The Kimberley is a wild rugged region in the north west corner of Australia, famed for wide gorges, sandstone escarpments and sprawling wilderness. During the wet season much of the area is covered in water making the roads inaccessible. In the dry, the Kimberly is best discovered by taking a four wheel drive along the notorious Gibb River road. But renting an off road vehicle can be expensive and not everyone is comfortable driving one. There are some areas of the Kimberley which are accessible in a two wheel drive vehicle, which we discovered in our rented campervan.
After participating in a salad amnesty crossing the border into Western Australia from the Northern Territory, the first town we arrived in was Kununurra. The town is the eastern gateway to the Kimberly region and home to the Hidden Valley national park. The big draw of the Kimberly is Purnululu (Bungle Bungles) but it is impossible to visit without a four wheel drive or forking out for a very expensive trip. Hidden Valley is the next best thing with the same beehive striped rock formations on a smaller scale. Hiking amongst the flora and fauna of the park is a great way to spend a day.
Wyndham is the only coastal town in the eastern Kimberley and located 100km north west of Kunununra. It’s a small town that most people could probably live without seeing, but if you do find yourself in Wydnham there are a few things to occupy your time. The five rivers lookout offers impressive views across the coast and the large aboriginal statues in town are worth a look. You can also visit a giant boab tree in a local caravan park, which is actually a lot more fun than it sounds.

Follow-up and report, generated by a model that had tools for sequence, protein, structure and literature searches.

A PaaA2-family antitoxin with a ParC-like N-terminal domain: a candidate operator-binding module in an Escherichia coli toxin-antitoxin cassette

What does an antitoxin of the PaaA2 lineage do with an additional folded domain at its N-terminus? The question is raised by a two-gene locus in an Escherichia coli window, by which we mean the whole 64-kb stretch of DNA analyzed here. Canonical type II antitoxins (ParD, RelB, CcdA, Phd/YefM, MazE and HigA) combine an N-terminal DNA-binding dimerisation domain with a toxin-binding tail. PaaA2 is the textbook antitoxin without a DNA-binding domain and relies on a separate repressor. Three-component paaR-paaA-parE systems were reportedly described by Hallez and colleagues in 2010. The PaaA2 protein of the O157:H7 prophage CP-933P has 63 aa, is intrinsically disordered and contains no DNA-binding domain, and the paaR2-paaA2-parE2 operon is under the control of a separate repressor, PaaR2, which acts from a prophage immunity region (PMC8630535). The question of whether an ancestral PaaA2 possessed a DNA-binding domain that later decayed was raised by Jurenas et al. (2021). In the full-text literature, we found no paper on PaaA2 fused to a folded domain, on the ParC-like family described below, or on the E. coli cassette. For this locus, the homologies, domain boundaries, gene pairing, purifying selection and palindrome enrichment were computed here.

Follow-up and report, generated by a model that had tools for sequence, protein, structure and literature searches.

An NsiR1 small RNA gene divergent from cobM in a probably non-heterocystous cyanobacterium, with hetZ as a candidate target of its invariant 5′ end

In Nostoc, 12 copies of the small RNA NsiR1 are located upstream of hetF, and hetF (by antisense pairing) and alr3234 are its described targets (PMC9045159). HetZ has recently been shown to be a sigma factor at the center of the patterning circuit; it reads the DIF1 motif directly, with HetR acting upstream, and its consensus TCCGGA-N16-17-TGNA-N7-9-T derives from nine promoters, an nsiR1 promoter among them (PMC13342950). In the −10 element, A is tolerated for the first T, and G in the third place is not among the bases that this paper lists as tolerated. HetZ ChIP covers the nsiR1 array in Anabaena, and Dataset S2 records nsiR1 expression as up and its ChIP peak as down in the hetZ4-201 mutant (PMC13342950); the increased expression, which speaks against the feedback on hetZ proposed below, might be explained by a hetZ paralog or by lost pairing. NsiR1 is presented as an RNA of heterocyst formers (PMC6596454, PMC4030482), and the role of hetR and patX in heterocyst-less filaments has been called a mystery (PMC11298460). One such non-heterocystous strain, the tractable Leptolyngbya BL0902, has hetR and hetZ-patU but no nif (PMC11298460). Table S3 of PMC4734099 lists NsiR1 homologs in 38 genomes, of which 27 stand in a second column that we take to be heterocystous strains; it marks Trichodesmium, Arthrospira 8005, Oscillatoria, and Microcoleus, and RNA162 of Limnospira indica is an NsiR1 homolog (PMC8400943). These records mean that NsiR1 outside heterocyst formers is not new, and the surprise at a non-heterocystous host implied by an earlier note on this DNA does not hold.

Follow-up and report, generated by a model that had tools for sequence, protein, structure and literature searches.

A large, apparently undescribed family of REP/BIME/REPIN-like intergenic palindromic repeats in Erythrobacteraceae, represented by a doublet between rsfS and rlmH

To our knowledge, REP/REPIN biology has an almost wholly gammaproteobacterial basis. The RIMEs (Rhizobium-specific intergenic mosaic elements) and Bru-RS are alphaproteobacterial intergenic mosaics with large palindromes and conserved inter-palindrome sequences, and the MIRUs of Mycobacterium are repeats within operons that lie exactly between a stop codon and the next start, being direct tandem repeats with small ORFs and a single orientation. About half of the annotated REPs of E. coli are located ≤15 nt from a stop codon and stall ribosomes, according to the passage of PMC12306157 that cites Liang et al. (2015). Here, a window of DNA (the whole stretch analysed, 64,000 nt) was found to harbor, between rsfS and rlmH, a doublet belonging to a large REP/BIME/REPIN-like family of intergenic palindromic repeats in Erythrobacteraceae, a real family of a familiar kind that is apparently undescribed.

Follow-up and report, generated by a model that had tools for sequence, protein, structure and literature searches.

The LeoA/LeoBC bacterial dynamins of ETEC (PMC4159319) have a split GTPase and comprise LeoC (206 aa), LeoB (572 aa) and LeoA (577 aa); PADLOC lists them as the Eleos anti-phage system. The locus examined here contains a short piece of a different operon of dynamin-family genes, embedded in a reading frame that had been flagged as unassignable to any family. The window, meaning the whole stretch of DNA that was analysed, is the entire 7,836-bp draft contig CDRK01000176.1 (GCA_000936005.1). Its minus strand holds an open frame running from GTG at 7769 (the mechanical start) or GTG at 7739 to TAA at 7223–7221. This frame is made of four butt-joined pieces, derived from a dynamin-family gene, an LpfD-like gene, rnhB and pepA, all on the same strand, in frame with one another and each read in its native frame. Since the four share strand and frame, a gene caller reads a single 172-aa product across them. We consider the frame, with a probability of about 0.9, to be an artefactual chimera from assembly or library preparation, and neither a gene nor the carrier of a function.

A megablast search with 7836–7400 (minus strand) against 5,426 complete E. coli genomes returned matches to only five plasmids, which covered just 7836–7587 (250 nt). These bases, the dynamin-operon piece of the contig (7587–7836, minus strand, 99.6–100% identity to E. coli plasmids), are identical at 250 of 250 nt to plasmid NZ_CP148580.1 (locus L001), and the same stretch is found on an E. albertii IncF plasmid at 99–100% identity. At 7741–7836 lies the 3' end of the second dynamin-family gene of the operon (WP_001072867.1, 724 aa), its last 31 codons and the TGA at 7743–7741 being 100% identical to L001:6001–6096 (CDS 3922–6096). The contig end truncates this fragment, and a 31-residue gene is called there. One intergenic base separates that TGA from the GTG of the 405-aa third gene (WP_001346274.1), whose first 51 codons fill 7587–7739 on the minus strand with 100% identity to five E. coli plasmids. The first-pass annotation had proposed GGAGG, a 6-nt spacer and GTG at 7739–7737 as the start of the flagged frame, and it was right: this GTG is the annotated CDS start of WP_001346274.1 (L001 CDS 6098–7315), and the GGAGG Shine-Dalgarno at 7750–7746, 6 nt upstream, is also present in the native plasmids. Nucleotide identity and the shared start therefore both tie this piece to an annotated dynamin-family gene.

Geikie Gorge is the only two wheel drive accessible area of Devonian Reef national park. The impressive gorge is just north of Fitzroy Crossing and is a great place to spend the day. An informative boat trip allows you to view the gorge from the water, taking in impressive rock formations and picture perfect landscapes. There are also walking trails in the park to explore on foot and indigenous tours.
Arriving in Broome signifies the end of a Kimberley adventure and it is the perfect place to shake off the red dust. It’s not cheap in Broome; even basic accommodation can break the bank, but it is worth staying a while for the laid back holiday vibe. Our visit to Broome coincided with the ‘staircase to the moon’ event; a natural phenomenon which occurs when the full moon rises over the tidal flats. The area directly below the moon is illuminated in a stunning staircase effect. Lazing on cable beach watching the sun melt into the Indian ocean is an iconic Broome experience, not to be missed. As is a visit to Matsos Brewery, where you can easily lose track of an afternoon drinking mango or lychee beer on the terrace.